Can everybody in the story have a happy ending? Is that just a little to warm and fuzzy? I don’t want this guy to crash and burn. In fact I want him to get lucky. I might even pull a switcheroo and hook him up with the heroine for a quick fling.
I know – my story, and if it is well written then no harm no fowl. I’m trying to think of the last book I read where everybody takes the high road. Even Dickens had Uriah Heep to dump on in the end.
Tuesday, September 29, 2009
Huh? What exactly does that mean? Funny, but I can only come up with what it doesn’t mean.
It’s not making every one in the story a baritone.
It’s not blathering on and on with backstory. You may achieve depth of story – but that is a tightrope of another kind.
It’s not opening the lid on your characters head and sharing every stinking synapse that fires. I’ve gone down that road and ended with a chapter of giant yawns.
So…? I’ve gone to my humble library shelf of “you can write a novel!” references. No glossary definition. Is this like snapping a picture of sunbeams after a rainbow? If it happens, it’s beautiful. But you’re as surprised as anyone when it does.
Is it like a runner’s high? You’ve heard other people get them, but for you, it remains a myth.
Here’s a shot. Depth of voice means getting into your characters head to reveal pertinent observations about the current setting/situation. It’s controlled wading into murky waters. Watch your step cuz you can’t see the bottom, but step carefully and your toes will gather enough data to keep you going.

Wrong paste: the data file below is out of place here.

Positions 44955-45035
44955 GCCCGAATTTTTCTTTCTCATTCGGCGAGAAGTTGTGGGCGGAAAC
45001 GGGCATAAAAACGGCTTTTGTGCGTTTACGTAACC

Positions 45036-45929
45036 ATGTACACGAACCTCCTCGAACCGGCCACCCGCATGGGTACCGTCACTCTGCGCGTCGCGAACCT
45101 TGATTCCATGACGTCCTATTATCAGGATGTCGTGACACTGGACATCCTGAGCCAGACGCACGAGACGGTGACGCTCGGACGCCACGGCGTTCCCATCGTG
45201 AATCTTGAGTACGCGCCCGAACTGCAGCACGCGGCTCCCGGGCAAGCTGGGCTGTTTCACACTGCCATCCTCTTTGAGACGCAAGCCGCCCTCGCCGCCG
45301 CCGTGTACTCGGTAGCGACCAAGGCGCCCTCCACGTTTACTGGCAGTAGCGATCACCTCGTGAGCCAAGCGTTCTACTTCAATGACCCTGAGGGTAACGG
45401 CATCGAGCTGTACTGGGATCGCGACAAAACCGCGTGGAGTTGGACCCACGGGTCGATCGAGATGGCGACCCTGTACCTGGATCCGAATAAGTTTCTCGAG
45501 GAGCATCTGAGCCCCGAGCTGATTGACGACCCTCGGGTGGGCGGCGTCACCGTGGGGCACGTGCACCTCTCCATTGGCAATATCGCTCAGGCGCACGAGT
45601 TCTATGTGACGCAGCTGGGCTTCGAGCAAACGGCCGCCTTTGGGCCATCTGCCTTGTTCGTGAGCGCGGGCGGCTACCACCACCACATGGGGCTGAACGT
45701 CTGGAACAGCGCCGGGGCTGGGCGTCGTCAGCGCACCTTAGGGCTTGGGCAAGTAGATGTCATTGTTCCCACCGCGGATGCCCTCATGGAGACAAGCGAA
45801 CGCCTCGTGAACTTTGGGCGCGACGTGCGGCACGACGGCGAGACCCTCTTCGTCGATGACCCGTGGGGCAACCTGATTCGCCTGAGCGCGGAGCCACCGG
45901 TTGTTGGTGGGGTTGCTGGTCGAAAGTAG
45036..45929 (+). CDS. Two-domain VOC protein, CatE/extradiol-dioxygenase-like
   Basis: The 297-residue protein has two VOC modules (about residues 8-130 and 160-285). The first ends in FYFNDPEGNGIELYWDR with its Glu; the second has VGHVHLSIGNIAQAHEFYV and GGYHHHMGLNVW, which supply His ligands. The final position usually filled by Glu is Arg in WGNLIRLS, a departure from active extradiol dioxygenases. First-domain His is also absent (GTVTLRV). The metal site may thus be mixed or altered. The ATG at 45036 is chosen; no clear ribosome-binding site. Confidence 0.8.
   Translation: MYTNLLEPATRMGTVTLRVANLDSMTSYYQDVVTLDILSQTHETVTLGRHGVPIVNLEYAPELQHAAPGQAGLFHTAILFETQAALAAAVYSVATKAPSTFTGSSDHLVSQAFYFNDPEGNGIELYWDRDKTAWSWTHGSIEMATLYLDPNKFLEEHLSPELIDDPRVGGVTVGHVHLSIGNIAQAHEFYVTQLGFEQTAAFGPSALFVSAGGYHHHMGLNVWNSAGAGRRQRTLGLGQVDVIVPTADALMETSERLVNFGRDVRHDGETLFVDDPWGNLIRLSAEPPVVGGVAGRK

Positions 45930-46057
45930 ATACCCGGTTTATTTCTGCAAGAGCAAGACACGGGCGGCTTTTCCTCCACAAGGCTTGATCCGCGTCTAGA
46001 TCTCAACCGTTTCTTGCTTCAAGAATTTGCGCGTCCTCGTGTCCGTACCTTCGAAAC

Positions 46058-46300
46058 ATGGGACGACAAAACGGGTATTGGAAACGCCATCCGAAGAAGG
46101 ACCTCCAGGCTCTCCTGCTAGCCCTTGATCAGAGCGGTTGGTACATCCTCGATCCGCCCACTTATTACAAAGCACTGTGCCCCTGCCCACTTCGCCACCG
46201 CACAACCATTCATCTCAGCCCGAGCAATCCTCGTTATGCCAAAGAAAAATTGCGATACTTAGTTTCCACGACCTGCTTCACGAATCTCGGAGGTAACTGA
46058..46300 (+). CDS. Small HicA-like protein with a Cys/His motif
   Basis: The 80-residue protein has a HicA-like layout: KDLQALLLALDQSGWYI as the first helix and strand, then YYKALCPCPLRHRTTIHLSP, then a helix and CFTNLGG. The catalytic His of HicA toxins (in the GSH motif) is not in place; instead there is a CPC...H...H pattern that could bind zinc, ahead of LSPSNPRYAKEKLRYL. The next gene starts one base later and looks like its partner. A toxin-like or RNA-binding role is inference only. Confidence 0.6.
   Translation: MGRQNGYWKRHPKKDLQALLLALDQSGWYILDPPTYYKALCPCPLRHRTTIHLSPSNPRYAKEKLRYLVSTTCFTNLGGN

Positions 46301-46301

Yes, it’s sunbeams after a rainbow. I know when I’ve captured a rich, creative, dynamic snapshot. The scene pops. But I also know when I’ve captured a surficial image of a pretty landscape. Nice, but not on fire. Now if can only figure out the literary “camera settings” to capture the first one every time.
Saturday, August 8, 2009
I’ve observed the parallels between writing and painting. For me, it seems the processes are darn near identical. But now I am feeling the secondary ripple of similarity and I don’t like it.
I remain humble in my writing accomplishments, and probably will until I see my name on a bestseller list. But here I sit with two books pending release, and I am terrified to write another word. Holy cow, is that like the torments of a visual artist? Yes.
I remember a landscape I painted – it hangs in my sister’s hall. Everything worked in that painting. The lighting, the textures, the mood, my technique. I received a tiny bit of acclaim (local – all local, perhaps so local as to be largely in my head…) but I couldn’t paint anything for months after that. And it’s not like I didn’t pick up the brushes. I made valiant attempts. But everything looked drab and lacking.
Now I sit with my computer on my lap and pound out pages. The words reread like the ramblings of an idiot. Or they sound technical, like someone afraid to dig deep.
Here’s another parallel. When I was in junior high I tried vaulting. Ya know, like in gymnastics? I ran and pounced and flew over the horse like a champ. I was good. The next day in school, everyone high-fived me and the hallway talk was all about the new fabulous vaulter.
You guessed it. The next gymnastics practice I sucked. Couldn’t vault to save my life.
Is there a pill for this? Is this classic performance anxiety? Clearly I am prone to it – whatever it is. Help!